River Campus Costume and Scene Shops Increasing Interest in University’s Technical Theatre Program

Photo of students in costume shop

Theatre students used to working in the old costume shop in the basement of Rose Theatre (pictured) can look forward to a huge improvement when the new facilities open with River Campus in the fall.

CAPE GIRARDEAU, Mo.,

June 12, 2007 – Faculty members in Southeast’s Department of Theatre and Dance say potential students’ jaws drop when they describe the new costume and scene shops at River Campus. And they haven’t even seen the finished product yet.

“The new costume and scene shops are already proving to be such a selling point for students interested in technical theatre,” said Rhonda Weller-Stilson, associate professor of theatre and dance. “It’s been hard to recruit in this area, but we have a lot of students coming in next semester. We’re already seeing increased interest. The students are going to be really pleased with the new facilities we have to offer.”

The new costume and scene shops at River Campus will be located adjacent to each other behind the Bedell Performance Hall, making the collaboration process between the two shops much easier. Currently, the two are separate, with the costume shop located in the basement of Rose Theatre and the scene shop located backstage.

The central location of both shops to the Bedell Performance Hall, the Rust Flexible Theatre and the dance studio also will make for smoother performances.

 “All three performance spaces are located right where the shops are,” Stilson said. “We can easily serve as a feeding station to all three without having to haul props.” 

Both spaces are larger and better designed as well.

The main function of the 4,550 square-foot scene shop, which includes a mezzanine and storage space, is designing and building sets and props for performances. The shop’s roles include carpentry, lighting and sound, welding, metal working, technical operations and repairs. It also will serve as a teaching space for courses in stage craft, scene painting and lighting.

The scene shop’s additional square footage makes it two to three times larger than the existing shop, according to Dr. Phil Nacy, assistant professor of theatre and dance. The lack of space in the current scene shop required much of their set to be built on stage and left there for the duration of the performance.

“Our current shop is so tiny we were pretty much walking on top of each other while we were building,” he said. “Now we will have space to build the scenery in the scene shop, store it there, and roll it into the Bedell or the flexible theatre, which will allow touring shows to use the stage.”

We’ve also upgraded our lighting and sound equipment over the last couple of years, and we will get full use of it now,” Nacy said. “There are a lot of limitations to working with electrical systems that are 40 years old. With new wiring and electrical systems designed using current standards instead of those from 1966, we’ll have a lot more flexibility. As a lighting and sound designer, I have a lot of confidence in the new electrical systems. I feel my choices are wider now,” he said.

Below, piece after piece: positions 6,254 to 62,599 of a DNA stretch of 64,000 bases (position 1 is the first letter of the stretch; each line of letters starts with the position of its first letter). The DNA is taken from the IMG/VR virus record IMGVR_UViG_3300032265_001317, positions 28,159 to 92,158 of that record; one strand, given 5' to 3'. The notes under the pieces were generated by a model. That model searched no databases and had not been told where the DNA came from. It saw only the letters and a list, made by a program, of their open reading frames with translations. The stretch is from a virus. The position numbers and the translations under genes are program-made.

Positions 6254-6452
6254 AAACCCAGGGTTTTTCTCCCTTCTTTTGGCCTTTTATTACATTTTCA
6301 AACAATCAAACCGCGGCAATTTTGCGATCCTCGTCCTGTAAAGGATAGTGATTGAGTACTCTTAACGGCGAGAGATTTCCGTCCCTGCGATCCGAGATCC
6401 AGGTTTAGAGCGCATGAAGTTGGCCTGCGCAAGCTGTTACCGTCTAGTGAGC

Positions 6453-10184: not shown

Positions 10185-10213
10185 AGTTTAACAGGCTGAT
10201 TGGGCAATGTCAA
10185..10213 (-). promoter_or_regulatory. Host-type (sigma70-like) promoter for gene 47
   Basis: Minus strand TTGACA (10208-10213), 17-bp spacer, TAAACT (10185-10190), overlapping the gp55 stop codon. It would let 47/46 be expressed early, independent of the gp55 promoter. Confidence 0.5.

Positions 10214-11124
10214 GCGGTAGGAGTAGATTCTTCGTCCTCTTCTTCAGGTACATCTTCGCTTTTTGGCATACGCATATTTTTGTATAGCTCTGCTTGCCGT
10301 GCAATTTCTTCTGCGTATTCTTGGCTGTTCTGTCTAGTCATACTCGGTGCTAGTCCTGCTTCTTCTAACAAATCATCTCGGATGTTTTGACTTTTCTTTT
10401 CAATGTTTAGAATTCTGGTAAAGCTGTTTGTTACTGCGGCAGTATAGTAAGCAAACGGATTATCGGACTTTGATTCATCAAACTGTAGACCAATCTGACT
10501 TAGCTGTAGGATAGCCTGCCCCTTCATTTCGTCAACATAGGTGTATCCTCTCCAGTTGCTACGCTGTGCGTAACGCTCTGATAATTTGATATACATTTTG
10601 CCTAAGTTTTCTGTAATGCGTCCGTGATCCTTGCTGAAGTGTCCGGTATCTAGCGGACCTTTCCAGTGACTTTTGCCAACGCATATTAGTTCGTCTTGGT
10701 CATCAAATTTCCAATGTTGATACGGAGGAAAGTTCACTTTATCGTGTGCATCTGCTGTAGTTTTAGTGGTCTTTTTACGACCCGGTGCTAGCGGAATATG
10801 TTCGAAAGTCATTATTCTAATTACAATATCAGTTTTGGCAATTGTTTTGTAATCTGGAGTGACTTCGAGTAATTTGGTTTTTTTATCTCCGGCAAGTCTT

“We won’t blow breakers like we do now,” Stilson added.

The new 1,850 square-foot costume shop will be a much more user-friendly space as well, according to Stilson. The costume shop designs, creates, fits, alters and launders costumes for performances, and it includes storage areas for the hundreds of costumes the shop “recycles” for future performances. In addition, the shop is responsible for props the actors carry on or off the set, as well as the curtains and other dressings on the set. The space also will be used for teaching courses in costume construction and makeup.

Previously, all functions associated with the costume shop had to be squeezed into one space, limiting what could be accomplished, Stilson said. The new costume shop will provide separate rooms for fittings, costume dying and laundry. 

 “We’ve always done these things, but never had unique areas for them,” Stilson said. “They were always crammed in the middle of the costume shop.”

In addition to allowing for a more spacious costume shop, these additional function-specific rooms will allow costume designers more freedom and creativity with their creations. 

“Having a dye room will allow us to use the wide range of commercial dyes, instead of having to rely on household Rit dye like we’ve been doing,” Stilson said.

Although they are anxious to get settled into their new homes, Nacy and Stilson have one minor detail standing in their way – moving and reorganizing the 40 years worth of props and equipment stored in every nook and cranny of Rose Theatre.

“Imagine packing up and moving your grandmother’s attic, and then multiply that effort by three, and you’ll get an idea of what we’re facing,” Nacy said. “We don’t get rid of anything; we store and ‘recycle’ all our props and costumes. We are still using some of the same items from when Rose Theatre was built in 1966,” he said.

“We’re breathing 40 years worth of dust in the process,” Stilson joked. “The costume shop has boxes upon boxes of shoes alone. We’ve filled an entire storage room with boxes of shoes waiting to be moved,” she said.

“The two of us and four students will be working every day of every week leading up to the move, and I have a feeling we’ll finally finish packing the day before the moving trucks come,” Nacy added. “It’s a huge, huge job.”

Despite facing this monumental challenge, both Nacy and Stilson are excited about the move and the new possibilities River Campus will provide.

“This is going to be a great opportunity for students,” Nacy said. “The River Campus facilities will be better than most, and I think many other universities will be envious. We will be able to provide our students with a wider set of experiences that will certainly help in their careers,” he stressed.